Cultural Musings

7 Popular Polish phrases you’re translating incorrectly

As an English teacher and person who lives with a Pole, I spend a lot of time speaking English with non-natives but also speaking Polish, so I know how these common Polish phrases/words should be used! There are a lot of common errors, but these are a few you might not have heard in your typical English course. For those of you who’d like to quickly improve your everyday English skills, check out these 7 Polish phrases to start translating correctly: 

Coś za coś

If you say something for something you’re going to be met with a blank stare. Something for something means nothing in English. Technically the phrase in English is “quid pro quo” however I don’t think it’s used that often, at least not in my world. It’s also similar in negative contexts to “tit for tat”, so if someone hurts you, you hurt them back, or in positive contexts “you scratch my back, I’ll scratch yours”. EDIT: A friend of mine suggested “trade-off”, e.g. “It was a trade-off”, as a translation and I’d agree that it’s a good one. 

Wszystkiego najlepszego

I wouldn’t use “all the best” for many situations frankly, only at the end of an email. When do we use this phrase in Polish? At birthdays, at celebrations, holidays, at weddings, and sometimes just random wishes. So maybe at a wedding it seems ok but at birthdays just say “happy birthday” and at Christmas just say “merry Christmas”. It’s that easy!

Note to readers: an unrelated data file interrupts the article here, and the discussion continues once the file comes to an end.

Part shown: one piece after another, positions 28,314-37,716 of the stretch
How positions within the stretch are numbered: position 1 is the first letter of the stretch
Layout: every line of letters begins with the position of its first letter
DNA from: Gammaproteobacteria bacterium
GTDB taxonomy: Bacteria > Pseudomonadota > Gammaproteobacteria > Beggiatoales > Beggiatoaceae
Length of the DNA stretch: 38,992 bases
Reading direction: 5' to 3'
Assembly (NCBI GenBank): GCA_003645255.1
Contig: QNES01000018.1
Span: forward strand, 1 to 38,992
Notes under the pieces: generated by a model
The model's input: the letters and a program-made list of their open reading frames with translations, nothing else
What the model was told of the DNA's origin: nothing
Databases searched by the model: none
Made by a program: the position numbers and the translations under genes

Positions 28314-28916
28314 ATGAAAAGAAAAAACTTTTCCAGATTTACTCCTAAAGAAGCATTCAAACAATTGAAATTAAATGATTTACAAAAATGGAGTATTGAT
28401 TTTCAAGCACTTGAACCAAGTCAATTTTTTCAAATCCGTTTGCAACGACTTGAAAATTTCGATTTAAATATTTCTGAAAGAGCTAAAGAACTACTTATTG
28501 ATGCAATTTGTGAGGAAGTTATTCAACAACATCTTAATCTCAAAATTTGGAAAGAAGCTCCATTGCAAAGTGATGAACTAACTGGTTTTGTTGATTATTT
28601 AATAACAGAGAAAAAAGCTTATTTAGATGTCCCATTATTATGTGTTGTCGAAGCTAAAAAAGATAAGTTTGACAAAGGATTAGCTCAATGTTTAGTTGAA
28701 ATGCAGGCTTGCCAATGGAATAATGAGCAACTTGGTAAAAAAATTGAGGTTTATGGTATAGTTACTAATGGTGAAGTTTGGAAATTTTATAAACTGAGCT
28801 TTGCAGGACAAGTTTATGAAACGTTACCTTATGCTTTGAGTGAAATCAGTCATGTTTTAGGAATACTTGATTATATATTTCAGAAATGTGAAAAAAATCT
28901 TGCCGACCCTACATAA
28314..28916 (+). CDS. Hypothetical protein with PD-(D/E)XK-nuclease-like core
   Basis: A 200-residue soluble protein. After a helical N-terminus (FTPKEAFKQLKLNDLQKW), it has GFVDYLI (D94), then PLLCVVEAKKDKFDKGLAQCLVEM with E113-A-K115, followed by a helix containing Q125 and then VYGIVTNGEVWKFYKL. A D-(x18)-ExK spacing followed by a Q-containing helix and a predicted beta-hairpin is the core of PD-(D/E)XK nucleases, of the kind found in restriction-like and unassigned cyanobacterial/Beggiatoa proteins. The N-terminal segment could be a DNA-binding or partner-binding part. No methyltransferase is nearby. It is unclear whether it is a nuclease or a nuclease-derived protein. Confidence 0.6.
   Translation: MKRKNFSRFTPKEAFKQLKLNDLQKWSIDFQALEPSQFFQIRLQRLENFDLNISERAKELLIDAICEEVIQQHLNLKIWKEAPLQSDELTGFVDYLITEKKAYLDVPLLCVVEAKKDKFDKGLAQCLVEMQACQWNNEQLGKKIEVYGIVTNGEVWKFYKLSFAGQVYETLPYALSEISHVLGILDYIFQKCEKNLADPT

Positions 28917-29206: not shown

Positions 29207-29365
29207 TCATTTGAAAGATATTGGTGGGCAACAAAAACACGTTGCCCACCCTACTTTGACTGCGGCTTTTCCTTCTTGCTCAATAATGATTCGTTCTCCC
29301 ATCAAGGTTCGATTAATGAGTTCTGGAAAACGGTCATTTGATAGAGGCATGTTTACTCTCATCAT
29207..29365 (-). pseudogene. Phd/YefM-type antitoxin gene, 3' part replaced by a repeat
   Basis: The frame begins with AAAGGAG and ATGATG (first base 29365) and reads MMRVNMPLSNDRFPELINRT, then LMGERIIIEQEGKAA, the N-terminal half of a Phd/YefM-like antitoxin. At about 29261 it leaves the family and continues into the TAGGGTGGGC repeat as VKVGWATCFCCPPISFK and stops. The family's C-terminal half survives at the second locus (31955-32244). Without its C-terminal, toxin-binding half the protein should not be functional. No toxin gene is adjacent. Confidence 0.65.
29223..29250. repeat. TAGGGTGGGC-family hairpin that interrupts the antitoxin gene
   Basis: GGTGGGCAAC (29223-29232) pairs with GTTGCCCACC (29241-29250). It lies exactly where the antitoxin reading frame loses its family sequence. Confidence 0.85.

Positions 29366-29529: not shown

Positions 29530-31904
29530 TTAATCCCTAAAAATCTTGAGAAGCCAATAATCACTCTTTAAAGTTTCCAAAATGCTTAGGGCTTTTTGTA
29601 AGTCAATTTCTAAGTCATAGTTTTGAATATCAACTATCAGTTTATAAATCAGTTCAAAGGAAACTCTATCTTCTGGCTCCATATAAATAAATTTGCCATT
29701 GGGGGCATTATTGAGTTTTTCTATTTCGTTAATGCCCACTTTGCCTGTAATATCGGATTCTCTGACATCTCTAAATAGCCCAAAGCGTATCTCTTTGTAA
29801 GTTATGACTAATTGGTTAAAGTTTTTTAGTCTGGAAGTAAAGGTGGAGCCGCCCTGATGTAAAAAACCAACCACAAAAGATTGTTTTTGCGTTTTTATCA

Typically here you’re not going to just translate it with a single word like “current” or “valid” or the worst “actual”. Actual means real in English or it’s used as “actually” to show contrast. Is that an actual Van Gogh or is it a replica? Or I didn’t think I’d enjoy calamari, but actually it’s delicious. You can say “currently” if you mean “at the moment” and valid is usually for things like your driver’s license or passport. If you’d like to say “Is our meeting still actual” try “Are we still meeting tomorrow?” or perhaps “I’d like to meet at 5 if it’s still actual” should be “I’d like to meet at 5 if it’s still possible.”


If you want to “pozdrów” someone, just say “tell them I said hi”. Saying “greetings” makes you sound like an alien (Greetings Earthlings).


Specific means that something is detailed e.g. information. So you could ask someone “Could you please be more specific?” So provided more details or information. You cannot describe a person/place as “specific”. A person/place can be a bit strange/odd, characteristic, interesting, maybe special, but not specific.


Ohhh rezygnować. Way, waaaay overused and incorrectly, mind you. In English, you can resign only from one thing… your job. You cannot change your mind about something and “resign”. You cannot decide to stop doing something and “resign”. You can literally only decide to leave your job and “resign”. So stop using it! (don’t resign from using it though!)

Jestem po